Tips to Move Your Strategic Plan to Completion - dummies

Tips to Move Your Strategic Plan to Completion

By Erica Olsen

Completing your strategic plan is on your to-do list, right? But is it slipping lower and lower down the list? Don’t worry; you’re not alone! In fact, most everyone in the planning process struggles with the same problem. Completing your strategic plan and maintaining momentum with implementing it are arguably two of the most important things you have to do. Following are some ideas to help stay on track.

Planning tip: Conquer procrastination

The greatest source of procrastination is often a deep-seeded fear — fear of success, change, failure, ridicule, or even just the unknown. Take a daily step to remove your fears by asking yourself, “What would I do today if I was really brave?”

Consider Brian Tracy’s book Eat That Frog (Berrett-Koehler Publishers, Inc.), which provides the 21 most effective methods for conquering procrastination and getting more done in less time. Success comes by identifying that single most important task (or frog) that needs to be accomplished, concentrating on it to do it well, and finishing it completely.

As Tracy points out, “Mark Twain once said that if the first thing you do each morning is to eat a live frog, you can go through the day with the satisfaction of knowing that that is probably the worst thing that is going to happen to you all day long.” So go ahead, be brave and eat that frog!

Planning tip: Take control of your finances

Do you feel like you’re on a treadmill, working more to pay for ever-increasing bills? Instead, trim the fat and spend a little less here and there. You’ll soon free up budget dollars that you can utilize on securing needed resources that will help you manage a successful strategic plan. Or, if you have enough savings, start an employee incentive program if you don’t have one already.

Start by running a Profit and Loss report to see exactly how you’re spending your money. Then adjust your budget, making sure that what you purchase is in line with your business. Obviously, a business with a big focus on sales incurs more expenses for client lunches than one without.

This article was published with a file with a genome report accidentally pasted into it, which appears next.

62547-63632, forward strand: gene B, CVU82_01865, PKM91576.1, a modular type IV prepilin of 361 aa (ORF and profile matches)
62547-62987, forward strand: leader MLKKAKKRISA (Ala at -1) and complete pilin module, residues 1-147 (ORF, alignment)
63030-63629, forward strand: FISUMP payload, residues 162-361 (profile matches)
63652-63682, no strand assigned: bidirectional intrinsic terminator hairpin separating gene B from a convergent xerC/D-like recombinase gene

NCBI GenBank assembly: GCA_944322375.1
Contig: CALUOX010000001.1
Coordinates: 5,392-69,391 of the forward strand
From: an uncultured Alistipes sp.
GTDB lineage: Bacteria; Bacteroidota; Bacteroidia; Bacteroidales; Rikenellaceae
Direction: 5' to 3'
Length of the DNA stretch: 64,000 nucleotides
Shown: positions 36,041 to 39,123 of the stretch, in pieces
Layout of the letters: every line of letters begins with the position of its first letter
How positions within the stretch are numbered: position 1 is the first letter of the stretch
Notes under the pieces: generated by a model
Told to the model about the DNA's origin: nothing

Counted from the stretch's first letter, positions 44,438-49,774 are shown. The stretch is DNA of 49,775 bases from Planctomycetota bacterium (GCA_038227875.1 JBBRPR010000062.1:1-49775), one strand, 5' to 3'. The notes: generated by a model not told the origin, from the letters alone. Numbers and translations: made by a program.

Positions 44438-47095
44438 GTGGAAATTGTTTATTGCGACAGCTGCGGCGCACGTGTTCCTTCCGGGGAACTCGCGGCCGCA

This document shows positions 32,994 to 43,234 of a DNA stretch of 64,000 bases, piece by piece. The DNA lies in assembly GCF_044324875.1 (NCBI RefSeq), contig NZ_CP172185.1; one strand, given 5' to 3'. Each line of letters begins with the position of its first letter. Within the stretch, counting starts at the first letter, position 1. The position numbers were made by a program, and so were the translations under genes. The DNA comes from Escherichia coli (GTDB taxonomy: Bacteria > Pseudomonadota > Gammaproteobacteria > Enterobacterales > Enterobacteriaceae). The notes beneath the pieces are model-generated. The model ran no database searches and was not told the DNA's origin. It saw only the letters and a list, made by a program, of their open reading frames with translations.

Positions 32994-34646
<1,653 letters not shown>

Consider decreasing every category (except maybe your rent and payroll) by 10 percent. Use the money saved to fuel your dreams instead of feeding the treadmill.

Planning tip: Let the process evolve

When the flywheel of momentum starts turning, pay attention to clues, connections, and opportunities that are presented. Be aware of environmental shifts and market changes that will affect your organization. With a little agility, allow your future to unfold and change in ways you may not have been able to imagine when you started your planning process. Remember, your strategic plan is a work in progress. Have a goal in mind but be flexible on the process of getting there. Doing so will make the process much easier.

Planning tip: Highlight small wins

Overlooking the short-term successes because you’re looking at the mid-term or long-term horizon is an easy trap to fall into. Because strategic management is a process and an organizational journey, help your staff members stay motivated by acknowledging their progress along the way. The obvious time to highlight progress is when you’re reviewing your plan during your monthly or quarterly strategy reviews.

Call out the small wins by specifically identifying what was accomplished, why it’s important to the strategic direction, and how the success was achieved. Additionally, point out small wins as they occur so everyone can feel the continued momentum.

Planning tip: Be committed

No matter what your organizational goals are or how difficult they are to achieve, creating momentum to reach them starts with commitment. Be committed to the strategic management process by starting with at least one of the ideas in this chapter, and you’ll begin moving closer to your dreams. Then take on the next idea and then maybe another one. Borrow some encouragement from that famous shoe slogan and “just do it!” You’ll be happier in the end and will be glad you did it.